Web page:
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Sci Rep. 2015 Nov 18;5:16822. doi: 10.1038/srep16822.

Fully automatic GBM segmentation in the TCGA-GBM dataset: Prognosis and correlation with VASARI features.

Author information

1
Departments of Radiation Oncology and Dana-Farber Cancer Institute, Brigham and Women's Hospital, Harvard Medical School, Boston, MA, USA.
2
Institute for Surgical Technology and Biomechanics , University of Bern, Switzerland.
3
Department of Biomedical Informatics, Emory University School of Medicine, Atlanta, GA, USA.
4
Support Center for Advanced Neuroimaging (SCAN), Institute for Diagnostic and Interventional Neuroradiology, University Hospital Inselspital and University of Bern, Bern, Switzerland.
5
Departments of Radiology, Dana-Farber Cancer Institute, Brigham and Women's Hospital, Harvard Medical School, Boston, MA, USA.
6
Department of Biostatistics &Computational Biology, Dana-Farber Cancer Institute, Boston, MA, USA.

Abstract

Reproducible definition and quantification of imaging biomarkers is essential. We evaluated a fully automatic MR-based segmentation method by comparing it to manually defined sub-volumes by experienced radiologists in the TCGA-GBM dataset, in terms of sub-volume prognosis and association with VASARI features. MRI sets of 109 GBM patients were downloaded from the Cancer Imaging archive. GBM sub-compartments were defined manually and automatically using the Brain Tumor Image Analysis (BraTumIA). Spearman's correlation was used to evaluate the agreement with VASARI features. Prognostic significance was assessed using the C-index. Auto-segmented sub-volumes showed moderate to high agreement with manually delineated volumes (range (r): 0.4 - 0.86). Also, the auto and manual volumes showed similar correlation with VASARI features (auto r = 0.35, 0.43 and 0.36; manual r = 0.17, 0.67, 0.41, for contrast-enhancing, necrosis and edema, respectively). The auto-segmented contrast-enhancing volume and post-contrast abnormal volume showed the highest AUC (0.66, CI: 0.55-0.77 and 0.65, CI: 0.54-0.76), comparable to manually defined volumes (0.64, CI: 0.53-0.75 and 0.63, CI: 0.52-0.74, respectively). BraTumIA and manual tumor sub-compartments showed comparable performance in terms of prognosis and correlation with VASARI features. This method can enable more reproducible definition and quantification of imaging based biomarkers and has potential in high-throughput medical imaging research.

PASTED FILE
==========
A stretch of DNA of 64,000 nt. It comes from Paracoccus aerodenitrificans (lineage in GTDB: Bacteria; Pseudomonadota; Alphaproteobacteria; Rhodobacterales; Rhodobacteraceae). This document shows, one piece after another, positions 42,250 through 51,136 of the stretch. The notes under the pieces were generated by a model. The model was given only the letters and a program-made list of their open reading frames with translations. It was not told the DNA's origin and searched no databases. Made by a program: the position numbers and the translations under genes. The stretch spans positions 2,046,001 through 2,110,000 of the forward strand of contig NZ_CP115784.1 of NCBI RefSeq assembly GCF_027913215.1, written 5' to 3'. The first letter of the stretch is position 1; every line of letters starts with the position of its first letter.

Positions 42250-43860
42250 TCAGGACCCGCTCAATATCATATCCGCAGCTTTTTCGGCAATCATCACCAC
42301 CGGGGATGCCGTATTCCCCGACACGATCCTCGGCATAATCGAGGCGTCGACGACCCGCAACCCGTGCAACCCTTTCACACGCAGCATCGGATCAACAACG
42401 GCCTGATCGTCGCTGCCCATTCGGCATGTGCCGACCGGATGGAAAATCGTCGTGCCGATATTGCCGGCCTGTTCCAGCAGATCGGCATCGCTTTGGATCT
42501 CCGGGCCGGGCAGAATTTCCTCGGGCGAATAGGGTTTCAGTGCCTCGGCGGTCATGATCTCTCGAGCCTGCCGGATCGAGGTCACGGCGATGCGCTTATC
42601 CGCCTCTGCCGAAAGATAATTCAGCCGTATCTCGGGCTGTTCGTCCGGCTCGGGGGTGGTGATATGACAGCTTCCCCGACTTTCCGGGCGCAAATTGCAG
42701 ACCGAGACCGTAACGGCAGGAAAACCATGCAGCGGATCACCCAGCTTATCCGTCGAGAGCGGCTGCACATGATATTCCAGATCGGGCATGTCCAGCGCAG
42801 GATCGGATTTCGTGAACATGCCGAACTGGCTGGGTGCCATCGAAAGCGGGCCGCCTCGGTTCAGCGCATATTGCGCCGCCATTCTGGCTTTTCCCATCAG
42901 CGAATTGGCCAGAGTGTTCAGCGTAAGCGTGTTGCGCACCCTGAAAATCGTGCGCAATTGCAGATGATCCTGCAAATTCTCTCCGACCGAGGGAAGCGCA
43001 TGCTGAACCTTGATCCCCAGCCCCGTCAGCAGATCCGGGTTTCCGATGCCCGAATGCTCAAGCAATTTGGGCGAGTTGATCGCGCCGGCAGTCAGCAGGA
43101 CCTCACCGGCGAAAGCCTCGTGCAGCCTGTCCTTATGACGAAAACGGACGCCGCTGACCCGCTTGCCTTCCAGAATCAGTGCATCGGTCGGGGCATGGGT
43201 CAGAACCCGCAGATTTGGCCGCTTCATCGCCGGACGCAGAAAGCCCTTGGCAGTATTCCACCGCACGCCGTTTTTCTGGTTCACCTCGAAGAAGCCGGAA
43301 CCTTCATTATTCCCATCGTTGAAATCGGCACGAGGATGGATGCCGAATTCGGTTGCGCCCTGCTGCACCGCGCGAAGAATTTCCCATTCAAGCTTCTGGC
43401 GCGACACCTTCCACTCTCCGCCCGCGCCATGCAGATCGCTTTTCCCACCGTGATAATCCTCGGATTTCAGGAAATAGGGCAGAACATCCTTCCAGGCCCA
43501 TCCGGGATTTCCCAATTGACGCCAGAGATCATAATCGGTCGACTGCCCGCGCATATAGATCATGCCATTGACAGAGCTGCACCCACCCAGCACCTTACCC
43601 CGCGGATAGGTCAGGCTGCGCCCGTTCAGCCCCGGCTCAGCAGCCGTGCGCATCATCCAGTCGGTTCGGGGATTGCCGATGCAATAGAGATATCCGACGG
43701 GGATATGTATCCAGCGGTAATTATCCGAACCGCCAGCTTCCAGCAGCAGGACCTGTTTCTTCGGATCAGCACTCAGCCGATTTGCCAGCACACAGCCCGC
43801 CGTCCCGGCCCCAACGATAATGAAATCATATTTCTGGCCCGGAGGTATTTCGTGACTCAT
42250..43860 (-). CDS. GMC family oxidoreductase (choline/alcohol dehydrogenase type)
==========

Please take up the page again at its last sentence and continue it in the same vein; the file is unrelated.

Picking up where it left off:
PMID:
26576732
PMCID:
PMC4649540
DOI:
10.1038/srep16822
[Indexed for MEDLINE]
Free PMC Article

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